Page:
Why Splenda Leads to Weight Gain – Even Though It’s Calorie Free

June 10, 2013 | By | 20 Comments

If you’re swapping Splenda for sugar to lose a few pounds, you may be making matters worse according to a new study…

Everyone knows that when you eat more calories than you burn, you pack on the pounds. So, thank goodness for zero-calorie sweeteners such as Splenda, right?

After all, you get that sweet taste of sugar but without the side-effects (i.e. belly fat). For instance, you can pour generous amounts in your coffee and just about everything else and not worry about weight gain.

How perfect?!

But sadly, that’s not the case. Far from it, actually, and a new study proves this. Let’s forget for a moment that artificial sweeteners like sucralose cause cravings – cravings that must eventually be satisfied.

Instead, we’ll focus on a recently discovered mechanism by which Splenda makes you fat: insulin spikes.

A team of researchers at the Washington School of Medicine in St. Louis recruited 17 obese, non-diabetic subjects to test the effect of sucralose (i.e. Splenda) on insulin secretion. The results were interesting to say the least.

First, these people were given sucralose with 75 grams of glucose. The point was to simulate the eating of a meal with a diet soft drink. A week later they repeated the experiment. But instead of sweetener, the subjects drank water.

What they found was that when sucralose was given with glucose, insulin levels rose 20% more than they did with water. Not only that, but blood sugar levels peaked at a higher level with the artificial sweetener.

So, what’s the take-away here?

If you’re swapping Splenda for sugar in hopes of saving a few pounds you may be shooting yourself in the foot. And while the former may indeed be the better of two (bad) choices – you may be making things worse.

Here’s why…

Most people use zero-calorie products as a weight loss tool. Furthermore, they’re not aware that this can make them fat – even though it lacks calories. As such, they’re likely to indulge even more than they would with the known-to-be-fattening alternative.

In short, more sweetener leads to more insulin spikes which ultimately drive fat storage. To make matters worse, frequent and rapid rises in insulin over time can lead to resistance and eventual diabetes. And that’s a whole other can of worms you don’t want to open.

Given these facts you’d be well served to stay as far away as possible from artificial sweeteners. Furthermore, understand that you can’t have “something for nothing.” In other words, don’t expect to eat something that tastes fattening and not have it be fattening. It’s just not possible (no matter how much the corporate marketing machine tells you it is).

Instead, choose the real thing. Indulge in something sweet from time to time. And take it for what it is: a treat that will lead to weight gain if you overdo it… but perfectly fine in moderation.

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Filed in: Dieting Myths & Mistakes

Comments (20)

  1. Laura McCarthy

    what about truvia?

  2. Ted

    So
    “First, these people were given sucralose with 75 grams of glucose.”
    “A week later they repeated the experiment. But instead of sweetener, the subjects drank water.”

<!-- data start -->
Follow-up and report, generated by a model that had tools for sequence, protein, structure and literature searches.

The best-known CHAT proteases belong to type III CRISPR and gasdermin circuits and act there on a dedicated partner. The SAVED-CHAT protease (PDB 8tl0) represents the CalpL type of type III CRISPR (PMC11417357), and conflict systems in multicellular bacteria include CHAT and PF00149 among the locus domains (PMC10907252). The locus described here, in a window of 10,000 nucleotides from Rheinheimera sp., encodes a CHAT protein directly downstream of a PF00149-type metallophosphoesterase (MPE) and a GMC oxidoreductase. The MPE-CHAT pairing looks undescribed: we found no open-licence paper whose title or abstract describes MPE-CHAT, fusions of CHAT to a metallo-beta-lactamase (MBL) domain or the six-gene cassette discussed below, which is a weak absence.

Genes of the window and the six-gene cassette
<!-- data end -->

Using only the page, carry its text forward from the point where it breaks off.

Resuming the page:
“What they found was that when sucralose was given with glucose, insulin levels rose 20% more than they did with water.”

    So YOU ARE ACTUALLY TESTING the glucose effect!! So the interesting result you found is by removing 75 grams of glucose the insulin levels DROPPED 20%. So, removing the glucose IS effective!!!

  3. Please comment further on Truvia and why just Stevia. I found Stevia to be bitter. The ingredients on Truvia is Erythritol and Stevia leaf extract. Please explain why you find this sweetener unexceptable?
    It may also be I was using Stevia incorrectly.

    Thanks,

    Walter Hamner and Greg Watts

    PS: we are just starting this way of eating using your books.

    • Hi Walter,

      Stevia/Truvia is the best type of sweetener to use. It’s natural so it doesn’t come with the potential side effects of artificial sweeteners such as Splenda and Nutrasweet.

    • Hi Walter,

      Stevia/Truvia is the best type of sweetener to use. It’s natural so it doesn’t come with the potential side effects of artificial sweeteners such as Splenda and Nutrasweet.

      • John Vedra

        I thought truvia contains sugar alcohols (ribiana)which is not is not good for you . Getting more confusing ,should we be using Stevia instead of trivia or are both OK trivia contains Ribiana

  4. Tina

    Hi James,

    What about using raw sugar in coffee? Is it still bad for you? I usually drink coffee everyday in the morning. I know I should not be drinking coffee but for some reason I feel it will help wake me up. I always feel tired and hungry in the mornings.

  5. Bentley

    There’s something wrong with this experiment. Why was glucose added? If you want to test Splenda…then they should have only had Splenda. No glucose. Of course glucose raises your glucose levels. Duh! I think we need a different study. I think Splenda causes weight gain too. But this study doesn’t prove it. Sorry.

  6. There’s overwhelming evidence that consuming artificial sweeteners will likely wreak havoc on your body. Previous news has centered mainly around artificial sweeteners’ ability to impair your appetite regulation and leading to weight gain.

  7. Dean Eshelman

    How about Stevia in the raw?

    • Hi Dean,

      Stevia is the best type of sweetener to use. It’s natural so it doesn’t come with the potential side effects of artificial sweeteners such as Splenda and Nutrasweet.

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  10. Kristine Kimble

    Can I eat natural peanut butter? Can I eat peanuts? How about natural applesauce?

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